Here's my summary of the key events overnight that affect New Zealand, with news that expert opinions about the growth rate of the world economy are in the spotlight today.
Firstly however, it is a public holiday in the US (Martin Luther King Day) so market activity will be lighter than normal.
The IMF has updated its 2017 global growth forecast and confirmed that it sees improving conditions in most regions.
It has lifted the growth expectation for the US on the basis that significant deficit spending will happen under the Trump presidency. It also raised its growth forecast for China. But both countries will achieve that with significant increases in their debt levels. Interestingly, US Fed officials no longer see the need for added fiscal stimulus, worried that such a program will make larger problems down the road.
The most noticeable feature of their growth forecasts however are not for these two; it is that they don't see any improvement on the +1.6% growth for the Euo Area, or the +1.1% for Russia. Almost all other world regions far exceed that. (They did not make specific forecasts for either Australia or New Zealand in this Update.) They did note that 2017 will be more volatile.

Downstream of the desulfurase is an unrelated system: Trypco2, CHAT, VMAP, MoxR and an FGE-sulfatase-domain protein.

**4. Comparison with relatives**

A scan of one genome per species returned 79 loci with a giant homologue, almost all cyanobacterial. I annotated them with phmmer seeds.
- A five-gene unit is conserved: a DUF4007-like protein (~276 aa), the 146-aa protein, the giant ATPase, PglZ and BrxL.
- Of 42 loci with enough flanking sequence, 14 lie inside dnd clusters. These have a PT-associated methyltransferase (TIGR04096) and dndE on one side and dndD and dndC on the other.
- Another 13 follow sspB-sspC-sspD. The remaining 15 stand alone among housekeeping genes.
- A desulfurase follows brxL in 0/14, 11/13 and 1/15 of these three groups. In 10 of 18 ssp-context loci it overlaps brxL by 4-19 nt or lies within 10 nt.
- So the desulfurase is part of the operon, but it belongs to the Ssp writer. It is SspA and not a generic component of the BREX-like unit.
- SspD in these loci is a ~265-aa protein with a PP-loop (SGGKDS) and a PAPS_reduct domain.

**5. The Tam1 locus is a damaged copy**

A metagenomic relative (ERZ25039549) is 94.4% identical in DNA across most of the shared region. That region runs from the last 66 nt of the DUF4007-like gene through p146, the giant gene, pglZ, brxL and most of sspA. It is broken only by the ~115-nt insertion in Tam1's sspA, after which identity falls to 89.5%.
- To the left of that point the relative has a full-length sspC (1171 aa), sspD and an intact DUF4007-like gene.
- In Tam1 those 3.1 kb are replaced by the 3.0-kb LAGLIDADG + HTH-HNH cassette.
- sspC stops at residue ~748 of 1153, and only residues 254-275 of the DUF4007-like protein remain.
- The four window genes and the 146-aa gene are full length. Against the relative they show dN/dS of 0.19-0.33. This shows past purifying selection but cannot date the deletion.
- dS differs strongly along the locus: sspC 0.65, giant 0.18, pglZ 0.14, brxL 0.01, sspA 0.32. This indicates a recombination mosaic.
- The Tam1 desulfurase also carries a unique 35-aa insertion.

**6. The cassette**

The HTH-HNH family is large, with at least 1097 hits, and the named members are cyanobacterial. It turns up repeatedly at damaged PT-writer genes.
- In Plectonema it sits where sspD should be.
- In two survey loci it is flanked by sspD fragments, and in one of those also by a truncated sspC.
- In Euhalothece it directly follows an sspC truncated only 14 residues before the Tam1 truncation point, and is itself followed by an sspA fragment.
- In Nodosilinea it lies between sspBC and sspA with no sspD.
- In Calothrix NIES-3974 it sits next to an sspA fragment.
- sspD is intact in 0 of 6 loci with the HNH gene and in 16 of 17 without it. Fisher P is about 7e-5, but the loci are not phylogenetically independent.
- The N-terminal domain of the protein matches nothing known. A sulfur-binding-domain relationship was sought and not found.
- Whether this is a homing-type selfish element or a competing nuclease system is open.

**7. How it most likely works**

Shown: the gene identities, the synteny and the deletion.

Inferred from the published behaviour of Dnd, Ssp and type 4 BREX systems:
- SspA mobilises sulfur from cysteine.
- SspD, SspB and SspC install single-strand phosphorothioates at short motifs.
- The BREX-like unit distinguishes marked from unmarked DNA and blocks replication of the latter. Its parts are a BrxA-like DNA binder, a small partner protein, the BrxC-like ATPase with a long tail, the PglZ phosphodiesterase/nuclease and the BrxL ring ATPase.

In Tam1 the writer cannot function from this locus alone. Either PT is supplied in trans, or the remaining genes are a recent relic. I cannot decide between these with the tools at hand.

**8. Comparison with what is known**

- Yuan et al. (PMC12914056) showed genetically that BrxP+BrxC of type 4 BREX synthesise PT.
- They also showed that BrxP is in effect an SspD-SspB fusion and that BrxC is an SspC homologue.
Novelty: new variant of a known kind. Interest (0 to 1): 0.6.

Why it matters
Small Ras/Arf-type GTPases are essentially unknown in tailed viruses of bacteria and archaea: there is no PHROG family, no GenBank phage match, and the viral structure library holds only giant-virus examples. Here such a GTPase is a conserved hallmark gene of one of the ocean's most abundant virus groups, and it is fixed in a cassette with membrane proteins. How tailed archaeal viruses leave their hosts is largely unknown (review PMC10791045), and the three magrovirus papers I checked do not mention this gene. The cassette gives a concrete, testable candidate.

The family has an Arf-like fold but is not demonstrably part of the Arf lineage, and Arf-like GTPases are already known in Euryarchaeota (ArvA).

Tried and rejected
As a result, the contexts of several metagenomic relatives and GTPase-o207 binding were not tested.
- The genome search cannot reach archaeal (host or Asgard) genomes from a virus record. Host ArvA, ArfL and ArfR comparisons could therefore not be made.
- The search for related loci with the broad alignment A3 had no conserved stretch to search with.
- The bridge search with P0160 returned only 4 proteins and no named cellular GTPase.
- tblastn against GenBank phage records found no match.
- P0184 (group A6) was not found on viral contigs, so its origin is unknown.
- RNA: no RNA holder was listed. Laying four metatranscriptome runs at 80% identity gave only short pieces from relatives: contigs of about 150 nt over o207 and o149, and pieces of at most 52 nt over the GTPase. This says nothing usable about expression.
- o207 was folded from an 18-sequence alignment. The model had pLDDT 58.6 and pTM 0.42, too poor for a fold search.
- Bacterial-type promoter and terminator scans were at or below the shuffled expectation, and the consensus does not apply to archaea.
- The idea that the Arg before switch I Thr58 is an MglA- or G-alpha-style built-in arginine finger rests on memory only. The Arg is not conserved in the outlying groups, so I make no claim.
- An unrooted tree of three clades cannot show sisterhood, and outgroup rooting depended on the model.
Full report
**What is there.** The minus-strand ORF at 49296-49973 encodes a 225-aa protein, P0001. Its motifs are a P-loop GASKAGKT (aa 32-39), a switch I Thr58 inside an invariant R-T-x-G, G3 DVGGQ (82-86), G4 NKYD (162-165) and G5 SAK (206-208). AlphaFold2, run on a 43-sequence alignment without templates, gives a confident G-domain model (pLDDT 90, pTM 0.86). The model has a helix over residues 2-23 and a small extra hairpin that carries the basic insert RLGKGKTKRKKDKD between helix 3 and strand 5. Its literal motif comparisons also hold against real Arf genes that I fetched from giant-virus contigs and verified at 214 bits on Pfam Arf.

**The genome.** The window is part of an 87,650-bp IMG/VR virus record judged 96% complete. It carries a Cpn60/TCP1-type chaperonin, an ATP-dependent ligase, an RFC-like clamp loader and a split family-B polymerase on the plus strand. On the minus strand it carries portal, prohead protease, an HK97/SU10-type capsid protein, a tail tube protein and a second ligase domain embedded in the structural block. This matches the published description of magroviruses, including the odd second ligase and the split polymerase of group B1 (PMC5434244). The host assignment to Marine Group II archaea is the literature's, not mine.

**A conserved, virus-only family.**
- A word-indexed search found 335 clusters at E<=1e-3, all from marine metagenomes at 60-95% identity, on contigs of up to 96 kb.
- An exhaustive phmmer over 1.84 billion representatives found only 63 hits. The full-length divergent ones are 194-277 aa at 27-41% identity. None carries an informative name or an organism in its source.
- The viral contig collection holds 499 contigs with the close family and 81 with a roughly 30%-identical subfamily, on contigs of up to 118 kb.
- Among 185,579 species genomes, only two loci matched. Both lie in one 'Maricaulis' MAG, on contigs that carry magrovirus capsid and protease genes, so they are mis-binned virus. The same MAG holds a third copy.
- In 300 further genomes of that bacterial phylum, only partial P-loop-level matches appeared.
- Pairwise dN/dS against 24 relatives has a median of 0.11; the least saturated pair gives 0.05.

In China, data out overnight shows that electricity use grew +5.0% in 2016, significantly below the country's official growth rate. Electricity consumption is often used as a proxy for a more realistic assessment of the growth rate in China.
Also in Australia, it is becoming clear that the debt of the Federal government will exceed AU$500 bln by the middle of this year. They used to have a debt ceiling law but that was abandoned in 2013 by the Abbott government with the support of the Greens. At that time, the limit was AU$300 bln.
In New York, the UST 10yr yield is unchanged because of the holiday, still at 2.40%.
Oil prices aren't affected by that but they are unchanged anyway, now still at US$52.50 for the US benchmark, while the Brent benchmark is now just on US$55.50 a barrel.
The gold price is up US$7 and is now at US$1,202/oz.
The New Zealand dollar is little changed as well, now at 71 US¢. On the cross rates it is at 95 AU¢, and against the euro at 67 euro cents. The NZ TWI-5 index is at 77.
If you want to catch up with all the changes yesterday, we have an update here.
The easiest place to stay up with event risk today is by following our Economic Calendar here ».